Update: President Trump signed the PPP extension into law on July 4.
If you haven’t applied for a PPP loan yet, you have more time to do so.
With $130 billion still available, Congress passed a bill extending the deadline to apply for forgivable small business loans. These loans aim to help small businesses walloped by the COVID-19 pandemic keep employees on payroll.
Small businesses will now have until Aug. 8 to apply for the Paycheck Protection Program. President Trump is expected to sign the extension into law imminently. The PPP is part of the $2 trillion pandemic rescue package passed in March.
About $130 billion was still available when the program expired Tuesday, June 30.
So far, the Small Business Administration approved roughly 4.9 million loans worth about $521 billion across some 5,500 lenders. The average loan size was $107,199.
NEED A ROUND 2?
While extending the deadline may help, what many small businesses need now is a second PPP round. Indeed, a recent National Federation of Independent Business survey showed that 81% of its small business respondents had already applied for the loan.
Sen. Marco Rubio of Florida said the “vast majority” of people who wanted to access a PPP loan “have already used it.” He tweeted, “What we really need to pass very soon is targeted help for those who need a second round of aid.” Rubio chairs the Senate Small Business Committee and helped spearhead the CARES Act.
Rubio told reporters this week he wanted to use remaining PPP funds for a second round of targeted assistance. He also said he considering legislation to create new programs.
During the pandemic, Congress allocated $659 billion, in two rounds, to small businesses in PPP loans that could be converted to grants if they met certain requirements. In early June, Congress passed legislation to loosen some of the loan restrictions. Businesses found them too burdensome, especially because many businesses were closed or operating at reduced capacity due to prolonged stay-home restrictions.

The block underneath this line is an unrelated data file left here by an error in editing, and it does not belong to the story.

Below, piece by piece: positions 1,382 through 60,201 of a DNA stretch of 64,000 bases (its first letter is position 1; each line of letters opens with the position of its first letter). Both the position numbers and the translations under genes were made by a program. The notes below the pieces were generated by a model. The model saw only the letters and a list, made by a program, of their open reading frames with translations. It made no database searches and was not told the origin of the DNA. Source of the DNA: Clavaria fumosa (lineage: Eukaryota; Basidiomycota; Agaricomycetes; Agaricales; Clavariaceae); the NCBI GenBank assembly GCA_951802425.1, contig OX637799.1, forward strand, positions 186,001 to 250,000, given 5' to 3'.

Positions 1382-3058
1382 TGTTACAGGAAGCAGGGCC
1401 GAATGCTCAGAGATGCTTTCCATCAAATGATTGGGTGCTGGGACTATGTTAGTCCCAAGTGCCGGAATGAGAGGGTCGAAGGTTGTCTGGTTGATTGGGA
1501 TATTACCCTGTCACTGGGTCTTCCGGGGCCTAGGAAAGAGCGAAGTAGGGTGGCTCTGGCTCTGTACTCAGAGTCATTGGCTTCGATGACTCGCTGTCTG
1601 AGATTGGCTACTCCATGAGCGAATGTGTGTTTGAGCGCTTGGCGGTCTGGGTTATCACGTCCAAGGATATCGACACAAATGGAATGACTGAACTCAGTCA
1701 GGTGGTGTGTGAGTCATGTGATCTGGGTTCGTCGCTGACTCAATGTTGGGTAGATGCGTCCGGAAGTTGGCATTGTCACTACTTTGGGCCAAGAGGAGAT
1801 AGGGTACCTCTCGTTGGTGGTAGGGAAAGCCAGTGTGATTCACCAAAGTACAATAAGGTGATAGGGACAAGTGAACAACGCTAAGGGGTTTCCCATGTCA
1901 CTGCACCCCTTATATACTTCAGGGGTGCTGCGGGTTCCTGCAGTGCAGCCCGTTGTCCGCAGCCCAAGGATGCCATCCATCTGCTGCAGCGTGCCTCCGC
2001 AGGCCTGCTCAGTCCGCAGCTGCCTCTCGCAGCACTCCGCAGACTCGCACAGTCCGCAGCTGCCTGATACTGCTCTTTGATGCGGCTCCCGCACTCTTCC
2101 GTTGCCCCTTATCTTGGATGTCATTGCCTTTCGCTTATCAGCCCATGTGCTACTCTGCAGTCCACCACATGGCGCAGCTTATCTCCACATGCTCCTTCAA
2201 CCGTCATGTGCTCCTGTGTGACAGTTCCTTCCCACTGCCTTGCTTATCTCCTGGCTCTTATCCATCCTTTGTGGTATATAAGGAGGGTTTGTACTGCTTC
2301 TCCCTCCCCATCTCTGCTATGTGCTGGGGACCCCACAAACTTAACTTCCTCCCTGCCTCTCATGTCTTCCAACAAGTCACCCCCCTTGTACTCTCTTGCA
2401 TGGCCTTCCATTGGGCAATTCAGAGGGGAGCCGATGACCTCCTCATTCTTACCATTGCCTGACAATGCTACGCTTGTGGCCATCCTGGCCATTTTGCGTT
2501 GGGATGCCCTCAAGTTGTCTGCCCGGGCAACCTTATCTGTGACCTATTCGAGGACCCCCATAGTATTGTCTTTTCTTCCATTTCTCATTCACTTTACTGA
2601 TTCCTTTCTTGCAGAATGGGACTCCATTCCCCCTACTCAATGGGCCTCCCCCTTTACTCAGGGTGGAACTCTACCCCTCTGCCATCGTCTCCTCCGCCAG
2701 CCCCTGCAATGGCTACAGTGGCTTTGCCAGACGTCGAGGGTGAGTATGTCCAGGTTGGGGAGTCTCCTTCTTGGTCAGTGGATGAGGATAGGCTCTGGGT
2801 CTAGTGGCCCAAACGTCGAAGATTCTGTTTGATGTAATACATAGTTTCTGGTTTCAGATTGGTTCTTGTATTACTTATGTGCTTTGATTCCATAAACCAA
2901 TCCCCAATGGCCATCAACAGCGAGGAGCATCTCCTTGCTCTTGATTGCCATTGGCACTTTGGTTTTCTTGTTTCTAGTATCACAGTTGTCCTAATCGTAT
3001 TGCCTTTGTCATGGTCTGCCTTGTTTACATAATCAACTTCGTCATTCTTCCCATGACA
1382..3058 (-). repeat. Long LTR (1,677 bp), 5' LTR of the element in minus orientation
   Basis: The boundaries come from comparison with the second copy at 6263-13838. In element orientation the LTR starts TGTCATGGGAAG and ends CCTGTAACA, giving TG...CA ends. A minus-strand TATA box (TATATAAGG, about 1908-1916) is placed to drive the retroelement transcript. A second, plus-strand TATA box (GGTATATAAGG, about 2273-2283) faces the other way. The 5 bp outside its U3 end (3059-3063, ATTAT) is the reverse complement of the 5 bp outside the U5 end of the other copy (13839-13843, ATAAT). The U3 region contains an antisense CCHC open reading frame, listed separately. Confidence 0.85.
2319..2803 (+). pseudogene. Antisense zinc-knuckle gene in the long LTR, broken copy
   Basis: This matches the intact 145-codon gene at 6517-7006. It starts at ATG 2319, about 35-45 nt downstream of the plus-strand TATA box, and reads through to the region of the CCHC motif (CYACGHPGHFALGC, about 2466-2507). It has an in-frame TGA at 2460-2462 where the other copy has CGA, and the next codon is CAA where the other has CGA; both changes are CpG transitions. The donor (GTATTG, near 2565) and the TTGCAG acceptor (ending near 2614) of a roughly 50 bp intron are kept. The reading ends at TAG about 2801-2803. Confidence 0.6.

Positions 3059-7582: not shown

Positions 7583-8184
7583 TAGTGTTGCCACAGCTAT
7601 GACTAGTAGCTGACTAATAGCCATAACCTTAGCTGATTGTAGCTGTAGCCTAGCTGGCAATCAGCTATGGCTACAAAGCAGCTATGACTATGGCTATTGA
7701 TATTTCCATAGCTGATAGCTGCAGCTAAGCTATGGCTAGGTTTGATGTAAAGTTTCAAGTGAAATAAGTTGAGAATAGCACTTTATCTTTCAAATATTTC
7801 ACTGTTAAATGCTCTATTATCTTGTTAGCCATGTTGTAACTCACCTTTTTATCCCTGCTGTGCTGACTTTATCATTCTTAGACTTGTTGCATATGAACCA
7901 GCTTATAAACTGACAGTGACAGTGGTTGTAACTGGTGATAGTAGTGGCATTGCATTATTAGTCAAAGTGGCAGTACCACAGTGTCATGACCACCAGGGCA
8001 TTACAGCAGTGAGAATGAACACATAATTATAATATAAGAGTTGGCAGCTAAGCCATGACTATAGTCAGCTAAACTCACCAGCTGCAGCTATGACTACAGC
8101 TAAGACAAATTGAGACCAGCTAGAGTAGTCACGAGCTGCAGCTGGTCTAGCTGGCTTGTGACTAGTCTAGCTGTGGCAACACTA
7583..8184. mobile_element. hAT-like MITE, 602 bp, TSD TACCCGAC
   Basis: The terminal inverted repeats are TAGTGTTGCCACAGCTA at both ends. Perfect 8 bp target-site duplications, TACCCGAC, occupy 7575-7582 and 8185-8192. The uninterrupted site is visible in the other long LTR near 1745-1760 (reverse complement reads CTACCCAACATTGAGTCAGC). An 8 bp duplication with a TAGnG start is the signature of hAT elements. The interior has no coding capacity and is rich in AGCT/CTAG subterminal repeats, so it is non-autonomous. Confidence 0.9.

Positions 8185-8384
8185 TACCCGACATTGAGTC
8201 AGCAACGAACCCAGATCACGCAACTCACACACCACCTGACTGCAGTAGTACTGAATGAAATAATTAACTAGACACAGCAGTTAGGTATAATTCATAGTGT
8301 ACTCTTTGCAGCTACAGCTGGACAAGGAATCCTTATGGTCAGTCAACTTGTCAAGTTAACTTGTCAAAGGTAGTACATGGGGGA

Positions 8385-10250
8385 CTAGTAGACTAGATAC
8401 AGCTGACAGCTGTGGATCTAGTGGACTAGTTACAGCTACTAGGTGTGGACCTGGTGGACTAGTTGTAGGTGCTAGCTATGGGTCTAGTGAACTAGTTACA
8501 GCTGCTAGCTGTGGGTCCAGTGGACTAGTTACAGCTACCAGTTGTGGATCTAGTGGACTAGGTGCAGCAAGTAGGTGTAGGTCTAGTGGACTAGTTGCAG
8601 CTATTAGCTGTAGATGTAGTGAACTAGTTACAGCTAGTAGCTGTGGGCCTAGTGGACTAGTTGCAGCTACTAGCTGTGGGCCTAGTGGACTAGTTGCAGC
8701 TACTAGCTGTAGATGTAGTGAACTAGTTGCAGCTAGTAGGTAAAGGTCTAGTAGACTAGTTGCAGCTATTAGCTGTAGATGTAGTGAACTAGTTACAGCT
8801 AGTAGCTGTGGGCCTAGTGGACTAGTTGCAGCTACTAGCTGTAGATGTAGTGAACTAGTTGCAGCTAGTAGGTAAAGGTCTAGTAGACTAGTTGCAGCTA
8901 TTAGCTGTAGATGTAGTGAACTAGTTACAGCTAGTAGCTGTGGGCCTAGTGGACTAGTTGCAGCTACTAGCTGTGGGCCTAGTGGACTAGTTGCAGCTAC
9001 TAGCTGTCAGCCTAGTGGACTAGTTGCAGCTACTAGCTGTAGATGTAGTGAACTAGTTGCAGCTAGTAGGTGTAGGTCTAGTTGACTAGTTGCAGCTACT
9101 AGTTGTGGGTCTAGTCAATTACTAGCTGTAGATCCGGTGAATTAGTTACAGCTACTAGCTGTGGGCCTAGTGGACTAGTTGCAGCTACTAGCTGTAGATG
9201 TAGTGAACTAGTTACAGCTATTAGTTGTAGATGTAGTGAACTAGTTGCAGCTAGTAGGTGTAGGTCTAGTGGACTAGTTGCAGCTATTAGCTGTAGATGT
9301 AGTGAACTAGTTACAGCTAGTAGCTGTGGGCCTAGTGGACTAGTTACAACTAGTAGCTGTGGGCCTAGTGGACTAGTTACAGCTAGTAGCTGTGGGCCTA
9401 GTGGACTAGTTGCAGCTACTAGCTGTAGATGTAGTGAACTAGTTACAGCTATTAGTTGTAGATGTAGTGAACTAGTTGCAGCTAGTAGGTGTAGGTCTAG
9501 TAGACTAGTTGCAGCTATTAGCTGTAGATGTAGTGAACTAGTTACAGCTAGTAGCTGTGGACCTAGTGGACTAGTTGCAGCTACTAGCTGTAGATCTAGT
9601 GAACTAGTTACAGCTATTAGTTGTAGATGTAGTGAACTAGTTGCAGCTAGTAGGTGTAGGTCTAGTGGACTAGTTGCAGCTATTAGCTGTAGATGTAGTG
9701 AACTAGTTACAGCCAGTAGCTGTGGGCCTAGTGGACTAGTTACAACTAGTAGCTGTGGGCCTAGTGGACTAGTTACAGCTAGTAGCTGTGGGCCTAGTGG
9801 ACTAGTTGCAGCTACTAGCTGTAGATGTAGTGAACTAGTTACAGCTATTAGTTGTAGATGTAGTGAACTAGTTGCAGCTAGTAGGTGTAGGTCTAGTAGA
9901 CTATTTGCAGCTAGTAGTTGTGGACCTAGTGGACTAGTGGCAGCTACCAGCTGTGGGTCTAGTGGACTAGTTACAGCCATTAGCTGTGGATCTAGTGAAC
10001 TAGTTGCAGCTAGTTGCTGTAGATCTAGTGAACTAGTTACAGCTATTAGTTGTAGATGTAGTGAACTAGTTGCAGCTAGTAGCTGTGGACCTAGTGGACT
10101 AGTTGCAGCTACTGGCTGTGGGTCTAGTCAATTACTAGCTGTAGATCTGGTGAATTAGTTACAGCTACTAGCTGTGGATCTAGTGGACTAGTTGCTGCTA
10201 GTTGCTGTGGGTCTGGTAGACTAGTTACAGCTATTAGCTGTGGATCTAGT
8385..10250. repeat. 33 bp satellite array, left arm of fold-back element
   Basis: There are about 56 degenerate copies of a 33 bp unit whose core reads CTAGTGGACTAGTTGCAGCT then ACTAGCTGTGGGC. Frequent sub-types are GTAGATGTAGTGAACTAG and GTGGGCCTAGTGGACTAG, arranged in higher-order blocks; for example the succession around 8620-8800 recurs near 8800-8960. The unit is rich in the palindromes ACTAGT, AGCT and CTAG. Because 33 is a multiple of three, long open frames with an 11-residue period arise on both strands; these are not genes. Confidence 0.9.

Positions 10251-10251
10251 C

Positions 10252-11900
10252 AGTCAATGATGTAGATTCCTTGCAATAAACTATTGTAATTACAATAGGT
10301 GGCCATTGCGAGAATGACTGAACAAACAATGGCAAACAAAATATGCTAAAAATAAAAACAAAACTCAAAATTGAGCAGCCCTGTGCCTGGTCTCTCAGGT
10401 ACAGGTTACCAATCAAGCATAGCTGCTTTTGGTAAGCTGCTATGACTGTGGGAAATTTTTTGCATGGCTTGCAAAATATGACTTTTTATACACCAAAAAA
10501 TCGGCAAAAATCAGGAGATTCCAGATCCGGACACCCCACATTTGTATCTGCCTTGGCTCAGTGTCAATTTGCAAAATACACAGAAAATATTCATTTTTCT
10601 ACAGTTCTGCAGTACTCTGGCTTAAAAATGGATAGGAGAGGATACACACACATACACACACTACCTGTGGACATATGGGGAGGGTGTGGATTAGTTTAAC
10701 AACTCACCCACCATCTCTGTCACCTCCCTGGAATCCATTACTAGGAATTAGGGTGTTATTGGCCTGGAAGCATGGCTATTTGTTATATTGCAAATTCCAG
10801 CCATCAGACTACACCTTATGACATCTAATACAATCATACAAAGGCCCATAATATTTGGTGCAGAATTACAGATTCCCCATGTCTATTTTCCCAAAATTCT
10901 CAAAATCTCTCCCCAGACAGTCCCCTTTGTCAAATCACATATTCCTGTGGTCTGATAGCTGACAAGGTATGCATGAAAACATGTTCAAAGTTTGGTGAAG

These changes included extending the time for business to use PPP money from eight weeks to 24 weeks. It also let businesses spend 60% of their loans on payroll instead of the earlier requirement of 75%. The rest can cover expenses like rent and utilities. And for the portion of loans that are not forgiven, businesses now have 5 years, up from 2, to repay the 1 percent loans.
HOW AND WHERE TO APPLY
The PPP’s initial $349 billion ran out just two weeks after the program debuted April 3. Its second $310 billion round was also expected to go quickly – but didn’t.
Florida SBDC at FIU, the small business development center within FIU’s College of Business, has helped small businesses in Miami-Dade and Monroe obtain nearly $28 million in pandemic relief, including more than $16 million in PPP loans so far.
Small businesses can apply for a PPP through any SBA-approved lender. Small businesses in South Florida have found more success going to smaller community banks. More information and details on the PPP is available on SBA’s website here.
Meanwhile, Congress could consider a round two of PPP or additional aid for small businesses. Several proposals are on the table,
HOW BIG IS THE NEED?
The need is real: Almost half of small business owners who applied for a PPP loan or an Economic Injury Disaster Loan — another SBA coronovirus relief program for small businesses — anticipate needing additional financial support over the next 12 months, according to the NFIB survey. And while 81% applied for a PPP already, 14% of respondents said they anticipate laying off employees after their loan runs out.
A recent nationwide small business survey by Pwc found that most PPP applicants are looking for additional ways to access credit. In the survey, 59% said they’re turning to credit cards to meet operating expenses. Nearly half, 47%, are turning to personal savings and 401(k)s. What’s more, 39% are looking for secondary banks to fund working capital needs.